Once upon a time, there was a flight attendant from Atlanta who played dress-up with a six-year-old from Mobile. For hours on end they wore sparkling tiaras, talking of far-away castles and fairy godmothers. Then, the flight attendant, Susan Johnston, returned to her life as a working girl on the go—she couldn’t stop thinking about all those make-believe stories.
So she sat down at a computer keyboard and tapped out a few notes about little girls who grow up believing in fairy tales. She sent the e-mail to about twenty friends. “It just instantly came, the whole story,” Johnston said. After talking with Kimberly Webb, who also was a flight attendant at the time, the women fleshed out the book they hoped would turn traditional children’s literature on its unrealistic ear.
While a princess would lead the way, no wicked stepsisters, dank dungeons, or knights on white horses would sully the true-to-life tale. They also wanted to include some other little-known facts: A princess can work for a living, she can buy a palace for herself and she can travel the world on her own. “It’s a little bit of a different fairy tale,” said Johnston, whose friends on the Gulf Coast helped inspire the book Princess Bubble. “She doesn’t find a prince. She ends up finding that true happiness comes from helping others.”
Mobile resident Allison Daniels, the six-year-old with a penchant for playing dress-up, drew a picture that’s displayed on the inside cover of the book. Allison is the daughter of Larkin and Kim Daniels of Mobile. Other artwork from children across the region is included in the hardback that sells for $12. The book, Johnston said, is missing something so many classic fantasies include: a princess-as-victim waiting for a guy in line for a throne to rescue her from a magic spell or evil stepmother.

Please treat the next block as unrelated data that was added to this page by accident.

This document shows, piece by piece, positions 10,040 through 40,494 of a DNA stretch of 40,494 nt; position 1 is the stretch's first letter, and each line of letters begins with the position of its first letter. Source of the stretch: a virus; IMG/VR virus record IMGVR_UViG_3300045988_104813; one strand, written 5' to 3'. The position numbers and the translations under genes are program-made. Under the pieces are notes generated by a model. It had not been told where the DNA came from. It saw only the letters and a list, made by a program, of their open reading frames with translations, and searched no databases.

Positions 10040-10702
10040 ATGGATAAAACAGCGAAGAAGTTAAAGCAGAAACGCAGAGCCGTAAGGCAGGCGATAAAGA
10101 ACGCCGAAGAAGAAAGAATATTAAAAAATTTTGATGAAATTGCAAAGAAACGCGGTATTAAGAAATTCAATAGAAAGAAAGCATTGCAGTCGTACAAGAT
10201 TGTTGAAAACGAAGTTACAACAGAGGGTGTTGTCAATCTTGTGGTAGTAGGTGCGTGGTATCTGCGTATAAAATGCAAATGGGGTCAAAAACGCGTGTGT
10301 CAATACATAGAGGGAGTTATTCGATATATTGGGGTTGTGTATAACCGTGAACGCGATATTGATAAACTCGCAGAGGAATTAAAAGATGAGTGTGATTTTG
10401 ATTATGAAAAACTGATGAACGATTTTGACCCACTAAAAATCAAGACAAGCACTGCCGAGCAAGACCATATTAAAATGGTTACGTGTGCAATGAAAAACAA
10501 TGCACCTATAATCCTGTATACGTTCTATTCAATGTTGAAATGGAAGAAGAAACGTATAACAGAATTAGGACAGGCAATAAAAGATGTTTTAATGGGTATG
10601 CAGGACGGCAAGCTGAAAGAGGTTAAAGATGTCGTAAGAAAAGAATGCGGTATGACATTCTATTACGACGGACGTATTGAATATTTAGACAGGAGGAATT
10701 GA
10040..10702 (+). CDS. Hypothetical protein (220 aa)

“I just felt that was a message women today needed to hear,” Johnston said. “You need to be happy from within and just share that happiness if you find a prince. It just reminds us that we are all princesses and we can all have happily ever after. It just depends on where you are.” The story begins with Princess Bubble, who is confused because all of the fairy tales she reads talk about finding a prince in order to live happily ever after. In her search, Princess Bubble discovers that everyone can be happy. It’s about learning to love yourself, being kind and giving of yourself to others, all the while looking forward to other adventures on the horizon.
“I love it because it’s the fairy tale for today,” said Karin Wilson, owner of Page & Palette bookstore where a signing is planned for the authors next week. Wilson said she remembers her grandmother telling her from an early age that she didn’t need to rely on a man for happiness. “I think if we teach young girls that today,” Wilson said, “they will be more successful and more fulfilled.” Webb and Johnston published the book themselves with the first printing hitting stores regionally in early spring. Next week, the authors will gather with princesses from both sides of the bay as they sign books and make merry with a bubble machine at the bookstore in Fairhope. Despite its whimsical illustrations, the story isn’t only for the Barbie and Barney set.
“It has a lot of adult humor,” Johnston said. “There are things in our book to make it funny if you are older and single and haven’t found a prince. The message kind of transcends all ages.” Princess Bubble is the first in a series of children’s books designed to teach youngsters to hold onto their dreams and to learn how being different can brighten their lives, according to the authors. “If a little girl reads the book and ten years from now doesn’t have a prom date,” Johnston said, “we want her to know you still are a princess and you still can have happily ever after.”
By: Casandra Andrews